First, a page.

The more I listen to music, the more I realize how much personal taste depends on conditioning and receptiveness. Most conditioning happens before the age of 20, and so, most listeners are receptive only to the styles they learned to like by that age. But it's fun and challenging to try styles you don't usually dig and see if you can figure out why they appeal to others.
The occasion for these ruminations is the audition of a duet disc featuring reedman Michael Moore (no, not that Michael Moore) and pianist Fred Hersch. Having been raised on solo piano and combos from trios to big bands, I have to work a little harder to be objective about the recent spate of duo recordings we've been seeing. I'm troubled by an uneasy suspicion that it, like guest artists on only a few tracks, is a way to reduce cost.
Not that it's that hard to get used to this particular duo, even if you didn't first hear them in kindergarten. They've been playing together on and off for over 30 years and are totally simpatico. Here they play three standards and eight well-written originals.
Moore's clarinet tone is clear and warm and fairly typical for a jazz player. On alto though, he belongs to a minority headed by Paul Desmond and Lee Konitz more Desmond's famous "dry martini" than the fatter, more aggressive timbre favored by Bird or Cannonball. Moore's improvising matches his tone, melodic and cerebral rather than hot and passionate, at least on this set. As you might expect, the always thoughtful Hersch is with him all the way, at times sounding like he's playing a well-constructed classical piece. They add welcome variety to a potentially tiresome ambience in several ways. Moore switches between clarinet and alto; there's a good range of tempos; and several tracks have a Latin feel, including the first, the sensuous "Green Eyes."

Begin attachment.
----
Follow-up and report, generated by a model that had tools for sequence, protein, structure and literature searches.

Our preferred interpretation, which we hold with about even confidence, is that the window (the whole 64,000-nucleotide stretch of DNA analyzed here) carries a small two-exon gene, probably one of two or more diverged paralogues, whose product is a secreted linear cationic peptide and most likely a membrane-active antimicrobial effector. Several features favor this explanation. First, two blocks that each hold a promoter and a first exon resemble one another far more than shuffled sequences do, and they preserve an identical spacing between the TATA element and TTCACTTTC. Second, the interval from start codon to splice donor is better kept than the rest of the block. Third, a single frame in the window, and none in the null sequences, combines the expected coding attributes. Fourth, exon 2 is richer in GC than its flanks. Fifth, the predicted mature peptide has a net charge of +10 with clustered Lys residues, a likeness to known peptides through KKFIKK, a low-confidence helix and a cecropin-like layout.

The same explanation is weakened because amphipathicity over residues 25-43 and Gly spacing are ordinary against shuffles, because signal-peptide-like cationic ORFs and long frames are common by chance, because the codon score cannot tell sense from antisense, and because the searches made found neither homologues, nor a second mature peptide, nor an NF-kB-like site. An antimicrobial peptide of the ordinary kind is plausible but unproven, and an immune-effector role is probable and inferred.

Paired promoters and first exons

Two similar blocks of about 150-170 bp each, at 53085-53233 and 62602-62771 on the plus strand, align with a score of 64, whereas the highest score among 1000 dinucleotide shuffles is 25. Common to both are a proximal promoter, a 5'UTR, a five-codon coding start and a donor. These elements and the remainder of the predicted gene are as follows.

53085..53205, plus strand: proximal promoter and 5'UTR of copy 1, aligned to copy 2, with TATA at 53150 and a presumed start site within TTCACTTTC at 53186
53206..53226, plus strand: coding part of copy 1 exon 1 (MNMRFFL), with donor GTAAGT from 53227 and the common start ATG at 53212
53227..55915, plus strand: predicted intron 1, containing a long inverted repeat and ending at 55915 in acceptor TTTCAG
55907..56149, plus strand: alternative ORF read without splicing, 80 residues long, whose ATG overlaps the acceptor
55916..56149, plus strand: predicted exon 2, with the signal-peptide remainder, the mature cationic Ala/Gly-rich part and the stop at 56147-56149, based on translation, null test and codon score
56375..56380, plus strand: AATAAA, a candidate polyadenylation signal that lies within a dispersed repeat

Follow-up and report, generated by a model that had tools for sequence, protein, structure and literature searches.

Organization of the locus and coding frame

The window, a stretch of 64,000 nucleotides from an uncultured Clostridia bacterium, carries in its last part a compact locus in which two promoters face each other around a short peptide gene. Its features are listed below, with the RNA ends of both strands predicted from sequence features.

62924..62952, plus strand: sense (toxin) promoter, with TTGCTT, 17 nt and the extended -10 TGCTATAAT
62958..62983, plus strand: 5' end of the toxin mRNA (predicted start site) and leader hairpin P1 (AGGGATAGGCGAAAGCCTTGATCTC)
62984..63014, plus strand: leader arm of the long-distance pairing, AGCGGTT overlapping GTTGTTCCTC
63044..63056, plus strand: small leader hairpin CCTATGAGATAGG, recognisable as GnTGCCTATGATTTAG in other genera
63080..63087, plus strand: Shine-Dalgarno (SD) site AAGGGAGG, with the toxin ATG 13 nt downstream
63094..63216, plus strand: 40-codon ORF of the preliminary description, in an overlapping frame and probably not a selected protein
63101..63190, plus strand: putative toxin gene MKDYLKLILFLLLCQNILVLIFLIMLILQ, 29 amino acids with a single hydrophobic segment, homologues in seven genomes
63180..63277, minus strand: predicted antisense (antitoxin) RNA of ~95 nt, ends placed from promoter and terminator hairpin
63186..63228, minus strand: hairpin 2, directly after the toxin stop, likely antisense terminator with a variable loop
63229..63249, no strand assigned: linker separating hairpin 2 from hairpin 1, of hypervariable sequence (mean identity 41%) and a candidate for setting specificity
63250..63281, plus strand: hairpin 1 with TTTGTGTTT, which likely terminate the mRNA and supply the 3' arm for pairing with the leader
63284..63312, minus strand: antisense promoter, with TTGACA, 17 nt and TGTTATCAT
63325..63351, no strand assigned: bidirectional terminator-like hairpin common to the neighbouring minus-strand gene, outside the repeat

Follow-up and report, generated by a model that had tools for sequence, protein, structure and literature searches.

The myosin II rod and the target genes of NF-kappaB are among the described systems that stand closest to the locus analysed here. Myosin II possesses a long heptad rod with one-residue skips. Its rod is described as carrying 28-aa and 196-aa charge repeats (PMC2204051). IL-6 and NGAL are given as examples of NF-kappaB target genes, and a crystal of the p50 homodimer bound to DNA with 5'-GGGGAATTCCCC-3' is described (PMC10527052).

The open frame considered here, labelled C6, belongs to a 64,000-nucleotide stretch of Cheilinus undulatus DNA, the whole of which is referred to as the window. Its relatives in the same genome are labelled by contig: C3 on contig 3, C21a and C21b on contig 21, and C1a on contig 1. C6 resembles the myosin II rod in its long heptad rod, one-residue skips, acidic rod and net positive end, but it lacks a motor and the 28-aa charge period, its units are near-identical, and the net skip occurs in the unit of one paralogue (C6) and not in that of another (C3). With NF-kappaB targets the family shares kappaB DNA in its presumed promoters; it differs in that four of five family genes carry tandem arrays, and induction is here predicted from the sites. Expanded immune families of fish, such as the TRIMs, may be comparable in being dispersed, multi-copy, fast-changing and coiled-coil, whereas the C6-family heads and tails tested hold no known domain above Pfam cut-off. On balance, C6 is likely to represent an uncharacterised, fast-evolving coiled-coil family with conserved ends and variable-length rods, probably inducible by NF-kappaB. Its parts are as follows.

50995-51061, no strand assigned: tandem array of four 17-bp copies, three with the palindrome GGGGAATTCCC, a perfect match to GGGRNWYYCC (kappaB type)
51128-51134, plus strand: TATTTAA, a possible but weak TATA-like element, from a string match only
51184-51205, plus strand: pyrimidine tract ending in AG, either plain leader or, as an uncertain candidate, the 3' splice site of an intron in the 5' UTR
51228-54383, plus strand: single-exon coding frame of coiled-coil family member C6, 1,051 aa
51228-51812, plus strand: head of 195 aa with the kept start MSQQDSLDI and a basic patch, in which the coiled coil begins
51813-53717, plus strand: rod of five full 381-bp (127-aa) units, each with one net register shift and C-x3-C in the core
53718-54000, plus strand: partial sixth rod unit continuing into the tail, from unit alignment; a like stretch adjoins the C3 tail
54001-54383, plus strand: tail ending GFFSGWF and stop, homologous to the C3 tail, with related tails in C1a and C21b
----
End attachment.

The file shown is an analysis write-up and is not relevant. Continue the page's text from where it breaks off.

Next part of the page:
While the duo is often going for cool beauty (and winning), they can have fun too, especially with a tune like the irrepressible Monk's "Four in One." Moore gets clarinet-sassy, while Hersch emphasizes playful staccato single-notes and chords with lots of space between. I second a suggestion made awhile back by reviewer Mark Corroto that Congress pass a law requiring all albums to have at least one tune by Monk.
My favorite among the originals is Moore's "Langrage." The tune begins with the composer's horn sounding like a complaining cow and segues into a repeating Latin rhythm. When Hersch takes over, the tempo begins to accelerate, and when Moore rejoins the two get into one of the better grooves on the album.
Hersch's satisfying "Canzona" concludes the session in a quiet mood, coming full circle to its romantic "Green Eyes" start.
If you're a duo fan, this is a tasty one. If, like me, you're upbringing excluded duos, don't worry. Receptiveness can overcome conditioning. Try it. You'll like it.